Thursday, August 24, 2017

Alex Colville


This metaphysics of detail:
each blade of rain;
a wire gate awry; cracks
in joist or trouser leg or face;
a ruler, interrupted
by a gun.

We are not reliably at home
in our interpreted world. [ital above]
Vacated faces and slammed backs,
stillness that forms like cataracts:
binoculars trained on sheets of snow.

We are obliquely here,
outlined in foreign light.
No opening, no end —
only the track averted moonlight stains
as train and horse's excised eye
always unstoppably slowly
smash.


— Janice Kulyk Keefer


In our journey to Canada this summer we found a volume of poetry — White of the Lesser Angels — by the Canadian writer Janice Kulyk Keefer. The poem that resonated the most was the one entitled Alex Colville. Born this day in 1920, Alex Colville was one of Canada's most celebrated artists. Prints of his haunting painting, Horse and Train adorned the walls of various residences, through my various lives for more than 20 years. I am still moved by the painting as I am now moved by Keefer's poem.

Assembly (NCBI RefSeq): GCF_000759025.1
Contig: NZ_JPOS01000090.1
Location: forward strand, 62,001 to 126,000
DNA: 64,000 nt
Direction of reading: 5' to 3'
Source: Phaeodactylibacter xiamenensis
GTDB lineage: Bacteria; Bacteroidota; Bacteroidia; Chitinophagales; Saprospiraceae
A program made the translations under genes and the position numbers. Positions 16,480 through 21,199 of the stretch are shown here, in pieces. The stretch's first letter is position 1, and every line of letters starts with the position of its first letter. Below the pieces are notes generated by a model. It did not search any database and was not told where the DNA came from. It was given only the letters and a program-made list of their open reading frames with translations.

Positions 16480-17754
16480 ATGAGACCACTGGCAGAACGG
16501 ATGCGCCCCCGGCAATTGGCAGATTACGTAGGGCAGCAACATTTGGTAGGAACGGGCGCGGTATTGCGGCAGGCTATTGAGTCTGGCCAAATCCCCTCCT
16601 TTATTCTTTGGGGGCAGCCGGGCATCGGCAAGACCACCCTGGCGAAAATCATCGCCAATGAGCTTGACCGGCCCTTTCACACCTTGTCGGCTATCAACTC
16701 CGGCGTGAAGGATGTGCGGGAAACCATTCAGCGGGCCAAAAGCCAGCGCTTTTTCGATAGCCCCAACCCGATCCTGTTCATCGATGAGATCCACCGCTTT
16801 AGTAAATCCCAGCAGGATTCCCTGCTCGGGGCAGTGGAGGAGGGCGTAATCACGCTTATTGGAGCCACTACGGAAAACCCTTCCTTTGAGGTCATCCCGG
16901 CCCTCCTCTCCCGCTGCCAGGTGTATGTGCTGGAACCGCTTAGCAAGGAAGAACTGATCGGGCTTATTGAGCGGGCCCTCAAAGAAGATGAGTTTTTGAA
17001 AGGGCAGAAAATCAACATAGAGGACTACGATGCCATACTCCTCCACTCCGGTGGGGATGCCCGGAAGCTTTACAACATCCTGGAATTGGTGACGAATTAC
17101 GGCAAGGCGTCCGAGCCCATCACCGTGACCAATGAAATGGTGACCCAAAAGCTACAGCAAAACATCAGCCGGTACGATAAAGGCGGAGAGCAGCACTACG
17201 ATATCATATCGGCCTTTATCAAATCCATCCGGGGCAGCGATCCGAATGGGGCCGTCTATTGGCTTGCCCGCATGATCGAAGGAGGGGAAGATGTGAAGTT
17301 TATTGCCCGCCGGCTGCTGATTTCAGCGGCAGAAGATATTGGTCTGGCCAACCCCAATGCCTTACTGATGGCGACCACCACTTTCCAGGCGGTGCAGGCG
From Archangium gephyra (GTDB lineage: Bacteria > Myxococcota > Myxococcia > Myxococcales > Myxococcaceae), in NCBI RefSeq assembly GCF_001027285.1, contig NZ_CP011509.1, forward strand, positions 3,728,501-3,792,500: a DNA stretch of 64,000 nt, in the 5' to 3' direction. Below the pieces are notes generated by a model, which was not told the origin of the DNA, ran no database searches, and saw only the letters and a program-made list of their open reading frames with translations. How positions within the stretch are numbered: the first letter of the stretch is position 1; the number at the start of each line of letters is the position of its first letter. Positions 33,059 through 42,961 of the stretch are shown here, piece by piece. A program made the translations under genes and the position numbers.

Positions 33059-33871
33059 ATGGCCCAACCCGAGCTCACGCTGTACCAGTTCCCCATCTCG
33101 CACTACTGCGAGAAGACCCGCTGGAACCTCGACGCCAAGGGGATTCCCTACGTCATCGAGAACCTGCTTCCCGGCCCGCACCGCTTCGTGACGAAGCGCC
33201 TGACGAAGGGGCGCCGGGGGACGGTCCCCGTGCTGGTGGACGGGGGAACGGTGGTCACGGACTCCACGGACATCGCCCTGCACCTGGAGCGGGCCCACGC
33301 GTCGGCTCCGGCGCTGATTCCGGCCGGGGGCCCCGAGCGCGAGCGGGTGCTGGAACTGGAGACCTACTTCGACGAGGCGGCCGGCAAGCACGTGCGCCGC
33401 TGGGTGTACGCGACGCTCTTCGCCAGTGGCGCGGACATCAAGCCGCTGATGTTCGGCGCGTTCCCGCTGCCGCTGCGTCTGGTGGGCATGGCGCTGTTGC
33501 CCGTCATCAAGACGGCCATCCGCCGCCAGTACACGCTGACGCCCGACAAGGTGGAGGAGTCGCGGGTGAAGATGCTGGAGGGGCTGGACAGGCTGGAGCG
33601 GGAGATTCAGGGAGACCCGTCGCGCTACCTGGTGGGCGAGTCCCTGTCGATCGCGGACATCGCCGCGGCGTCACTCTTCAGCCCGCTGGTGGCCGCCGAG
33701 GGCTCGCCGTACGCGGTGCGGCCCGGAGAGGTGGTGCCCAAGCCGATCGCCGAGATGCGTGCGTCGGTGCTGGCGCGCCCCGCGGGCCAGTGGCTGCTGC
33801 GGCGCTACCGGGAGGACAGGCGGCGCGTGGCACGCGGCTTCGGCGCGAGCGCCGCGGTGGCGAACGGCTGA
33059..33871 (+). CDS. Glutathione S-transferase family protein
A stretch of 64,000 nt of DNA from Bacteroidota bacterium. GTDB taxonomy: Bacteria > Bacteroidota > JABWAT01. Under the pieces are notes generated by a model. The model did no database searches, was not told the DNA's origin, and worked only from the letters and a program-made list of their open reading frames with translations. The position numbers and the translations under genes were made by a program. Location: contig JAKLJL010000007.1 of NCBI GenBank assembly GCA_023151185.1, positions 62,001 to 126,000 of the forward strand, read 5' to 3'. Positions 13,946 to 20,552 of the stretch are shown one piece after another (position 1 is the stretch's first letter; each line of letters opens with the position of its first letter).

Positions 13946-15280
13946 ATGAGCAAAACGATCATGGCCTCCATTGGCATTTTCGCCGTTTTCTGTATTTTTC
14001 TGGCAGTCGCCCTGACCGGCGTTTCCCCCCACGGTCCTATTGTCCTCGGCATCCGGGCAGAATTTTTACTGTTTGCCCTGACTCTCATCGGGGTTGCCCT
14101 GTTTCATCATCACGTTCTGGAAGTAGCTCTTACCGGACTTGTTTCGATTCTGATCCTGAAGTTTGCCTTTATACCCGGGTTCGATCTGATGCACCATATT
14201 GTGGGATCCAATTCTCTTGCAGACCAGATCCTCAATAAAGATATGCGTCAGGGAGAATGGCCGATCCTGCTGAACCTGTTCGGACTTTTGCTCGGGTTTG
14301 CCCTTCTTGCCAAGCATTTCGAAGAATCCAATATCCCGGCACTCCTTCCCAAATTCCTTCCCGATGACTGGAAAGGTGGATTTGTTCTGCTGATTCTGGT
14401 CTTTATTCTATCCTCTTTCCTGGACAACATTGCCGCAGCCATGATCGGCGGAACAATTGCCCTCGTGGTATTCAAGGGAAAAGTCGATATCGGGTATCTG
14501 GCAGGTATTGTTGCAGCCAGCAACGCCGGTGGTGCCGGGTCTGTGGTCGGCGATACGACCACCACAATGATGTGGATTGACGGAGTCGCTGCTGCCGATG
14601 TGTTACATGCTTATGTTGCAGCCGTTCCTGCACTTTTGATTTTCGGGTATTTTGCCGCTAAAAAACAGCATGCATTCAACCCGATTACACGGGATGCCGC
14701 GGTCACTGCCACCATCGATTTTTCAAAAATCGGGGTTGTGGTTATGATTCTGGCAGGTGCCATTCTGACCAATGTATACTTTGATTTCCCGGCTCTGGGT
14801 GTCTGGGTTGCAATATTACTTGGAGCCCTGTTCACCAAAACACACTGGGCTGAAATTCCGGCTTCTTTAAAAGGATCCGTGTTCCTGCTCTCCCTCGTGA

The back cover of White of the Lesser Angels (Ragweed Press, 1986) reads in part, "With this collection of poetry, Janice Kulyk Keefer joins the ranks of those Canadian writers who achieve distinction in writing both poetry and fiction. Her poetry is a feast of sensuous imagery, intelligence, finesse and acute insight into private and public affairs."